Ready for a bit of idea-powered rocket science?
Rule number one for a successful business start-up: Give people something they love.
Rule number two for a successful business start-up: Give people something they can’t get anywhere else.
(There are, of course, 386 other rules, but I don’t know what they are.)
Now before you dismiss me as an aimless pretender, have you ever heard this:
“Everyone loves surprises.”
Ah ha! Yes, you have! Now then, people love surprises do they..? Wait a minute – that fits the first rule for a successful business start-up!
Now, I wonder… How about the second rule? Can people get surprises anywhere else (other than the business I am obviously going to suggest you set up in a minute)?
“Of course,” you are saying, “I get surprises every Christmas from a fat, bearded, foreign burglar.” Yes, very good. And you have to wait all year. But in the meantime, where can you get surprises for yourself?
(Go to Intense Experiences and look at the ridiculous signs!)
Idea #15: Sell surprises
Set up a business that sells surprises. The idea is that people don’t find out exactly what they’re getting until they’ve bought it.
There are different ways to approach this. The Something Store is an online shop that sells you ‘something’ for ten $10. I mean it could be anything… apart from these. (Great if it could be some of those though – imagine getting severed hand in the post! That would be a surprise!)
Sounds great for a novelty, but I think selling surprises can be practical as well. Personally, I get overwhelmed by the amount of choice available in every circumstance. While my mind has evolved to choose between hitting another ape with a stick, or hitting him with a rock (still actually a key decision in some Newcastle bars), I am more likely to be faced with the sandwich selection in Tesco Express. And break down in tears.
(Closer to the truth in Shanghai is that I’ll be faced with the choice of rice or noodles, pork or beef, and everything will be just fine.)
The Hipstery makes more practical sense. It’s an online T-shirt store that’ll sell you a T-shirt with a hip and mystery style – you just give them your size. It’s genuinely a good option for someone who just wants a cool T-shirt but can’t be bothered to shop.
That’s spiritual peace. Leave the soul to worry about something other than BLT or Christmas Turkey Special. This is the kind of thing I have in mind for your surprise shop, but you’ll sell a lot more stuff:
Ideal! Who wants to stand choosing between pasta salads for 35 minutes of a half hour lunch break? Not me. Supply me with a lunch bag please, and let me have that in-flight meal excitement every day of the working week.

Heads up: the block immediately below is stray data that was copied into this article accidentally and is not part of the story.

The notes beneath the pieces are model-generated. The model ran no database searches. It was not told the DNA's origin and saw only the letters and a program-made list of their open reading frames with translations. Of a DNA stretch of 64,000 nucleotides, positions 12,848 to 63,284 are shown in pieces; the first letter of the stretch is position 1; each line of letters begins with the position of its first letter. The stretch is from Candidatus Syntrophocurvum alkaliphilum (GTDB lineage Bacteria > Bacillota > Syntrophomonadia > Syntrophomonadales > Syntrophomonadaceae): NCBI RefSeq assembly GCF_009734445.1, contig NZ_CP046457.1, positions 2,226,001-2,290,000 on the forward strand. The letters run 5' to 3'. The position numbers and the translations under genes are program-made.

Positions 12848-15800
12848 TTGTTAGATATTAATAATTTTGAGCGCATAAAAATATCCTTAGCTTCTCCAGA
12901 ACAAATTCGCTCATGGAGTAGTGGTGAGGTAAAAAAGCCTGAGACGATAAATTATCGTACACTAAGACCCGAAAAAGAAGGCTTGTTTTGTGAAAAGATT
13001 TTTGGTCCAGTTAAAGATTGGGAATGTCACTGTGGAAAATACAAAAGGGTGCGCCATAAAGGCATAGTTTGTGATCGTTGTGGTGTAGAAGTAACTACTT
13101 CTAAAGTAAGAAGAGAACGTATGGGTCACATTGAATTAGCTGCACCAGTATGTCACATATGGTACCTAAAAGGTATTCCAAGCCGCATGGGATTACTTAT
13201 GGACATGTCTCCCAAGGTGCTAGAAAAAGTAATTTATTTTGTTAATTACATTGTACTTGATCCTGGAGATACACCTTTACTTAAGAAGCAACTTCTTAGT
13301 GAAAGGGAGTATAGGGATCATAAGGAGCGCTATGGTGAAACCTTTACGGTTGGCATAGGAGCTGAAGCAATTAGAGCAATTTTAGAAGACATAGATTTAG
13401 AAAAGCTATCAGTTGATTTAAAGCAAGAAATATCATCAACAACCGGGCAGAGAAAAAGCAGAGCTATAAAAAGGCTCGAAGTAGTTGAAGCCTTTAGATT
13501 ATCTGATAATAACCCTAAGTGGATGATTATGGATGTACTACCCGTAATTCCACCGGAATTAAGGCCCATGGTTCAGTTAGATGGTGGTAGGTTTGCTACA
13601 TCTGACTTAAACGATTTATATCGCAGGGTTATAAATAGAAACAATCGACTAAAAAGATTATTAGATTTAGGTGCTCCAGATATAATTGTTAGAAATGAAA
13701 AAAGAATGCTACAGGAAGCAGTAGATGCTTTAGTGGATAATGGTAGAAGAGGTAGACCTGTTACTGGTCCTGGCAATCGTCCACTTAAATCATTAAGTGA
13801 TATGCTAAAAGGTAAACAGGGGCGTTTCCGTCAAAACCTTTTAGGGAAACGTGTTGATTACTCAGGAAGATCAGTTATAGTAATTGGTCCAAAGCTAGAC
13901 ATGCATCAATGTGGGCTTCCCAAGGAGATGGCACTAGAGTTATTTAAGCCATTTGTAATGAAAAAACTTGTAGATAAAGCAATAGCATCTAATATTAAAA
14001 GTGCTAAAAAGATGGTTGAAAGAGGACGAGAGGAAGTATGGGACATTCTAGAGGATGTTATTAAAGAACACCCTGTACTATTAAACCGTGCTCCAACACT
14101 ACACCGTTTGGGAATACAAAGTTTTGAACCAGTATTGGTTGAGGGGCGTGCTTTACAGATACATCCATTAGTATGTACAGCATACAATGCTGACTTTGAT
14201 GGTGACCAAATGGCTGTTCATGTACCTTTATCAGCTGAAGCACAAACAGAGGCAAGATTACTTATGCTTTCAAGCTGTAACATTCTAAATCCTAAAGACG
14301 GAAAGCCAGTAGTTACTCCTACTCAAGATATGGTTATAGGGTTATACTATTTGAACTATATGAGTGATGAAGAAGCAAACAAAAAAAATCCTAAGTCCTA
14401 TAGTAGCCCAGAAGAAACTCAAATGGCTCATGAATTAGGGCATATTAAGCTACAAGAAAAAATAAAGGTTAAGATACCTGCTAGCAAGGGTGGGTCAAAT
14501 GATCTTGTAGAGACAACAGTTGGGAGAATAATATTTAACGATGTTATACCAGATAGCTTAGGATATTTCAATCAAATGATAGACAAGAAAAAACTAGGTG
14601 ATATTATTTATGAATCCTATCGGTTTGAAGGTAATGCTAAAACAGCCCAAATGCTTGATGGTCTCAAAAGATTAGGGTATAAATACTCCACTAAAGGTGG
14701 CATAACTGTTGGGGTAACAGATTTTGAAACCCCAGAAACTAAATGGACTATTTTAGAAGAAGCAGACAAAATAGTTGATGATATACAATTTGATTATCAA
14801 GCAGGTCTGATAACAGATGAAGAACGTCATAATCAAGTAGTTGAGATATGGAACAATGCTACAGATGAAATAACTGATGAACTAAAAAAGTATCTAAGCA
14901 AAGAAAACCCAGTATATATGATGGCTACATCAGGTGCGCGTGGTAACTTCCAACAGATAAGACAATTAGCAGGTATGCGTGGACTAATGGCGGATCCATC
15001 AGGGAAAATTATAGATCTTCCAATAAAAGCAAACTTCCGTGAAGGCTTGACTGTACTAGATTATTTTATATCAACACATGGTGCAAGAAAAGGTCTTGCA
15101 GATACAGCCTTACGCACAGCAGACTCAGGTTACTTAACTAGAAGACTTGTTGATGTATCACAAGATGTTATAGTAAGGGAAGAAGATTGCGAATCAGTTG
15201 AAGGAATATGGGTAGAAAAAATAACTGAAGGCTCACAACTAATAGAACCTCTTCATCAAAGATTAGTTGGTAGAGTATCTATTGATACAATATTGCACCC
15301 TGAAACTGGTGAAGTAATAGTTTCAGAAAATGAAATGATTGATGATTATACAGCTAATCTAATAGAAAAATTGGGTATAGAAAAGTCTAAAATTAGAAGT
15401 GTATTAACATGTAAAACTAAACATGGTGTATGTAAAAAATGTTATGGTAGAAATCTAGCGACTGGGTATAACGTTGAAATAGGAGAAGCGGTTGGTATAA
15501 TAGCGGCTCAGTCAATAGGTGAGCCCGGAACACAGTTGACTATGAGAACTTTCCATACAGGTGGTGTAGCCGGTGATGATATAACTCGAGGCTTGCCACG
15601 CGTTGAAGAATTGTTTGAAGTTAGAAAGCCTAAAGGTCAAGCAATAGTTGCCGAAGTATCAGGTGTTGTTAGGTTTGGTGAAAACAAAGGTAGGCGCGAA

Same in the evening. I am wasting my home time in Tesco Express! Put my dinner in a brown bag and let’s be done with it. Perhaps you could offer me a token of autonomy by labelling bags “Healthy”, “For Gluttons” or “An Indian”. And make them good, or I won’t trust you next time!
Outfits. I want whole outfits. Whatever I’m not suited with in terms of style, will be more than made up for by the fact that I did not make this mess of myself – as fashion dictates that everyone do – plus the thrill of the surprise! I’d say some labels like ‘Gansta Outfit’, “Person With “Unique” Style’ or ‘Middle-aged Man On Mediterranean Holiday’, will ensure I get more or less what I’m looking for. What a terrible shame.
Of course, you could just do individual items like ‘T-shirt’ or ‘jacket’, but that would be a weak move.
We all know that music should be free, and largely is, but how about making monthly mix CDs of some random upcoming artists so people can give them as presents (e.g. ‘Rock’, ‘Hip hop’). The artists would be pleased to be featured and may not even want royalties.
Alternatively, providing these mixes as podcasts or for free download on your website would be a good way to draw traffic.
Red Letter Day style. People who book it just turn up at your store and you take them away to do something for the day. Obvious things would be paintballing or racing cars. Less obvious would be blindfolding everyone and leaving them in a forest. (Easy way to make money though.) Horses for courses.
The most extreme, and best, part of the business. You sell holidays with surprise destinations. Preferably charter a flight and get the airport to put the destination code as ‘SUR’.
I did this with some friends at university when Ryan Air started offering free flights. We scrolled down the list and bought tickets to the first place we hadn’t heard of. Ended up going to Klagenfurt. Great trip!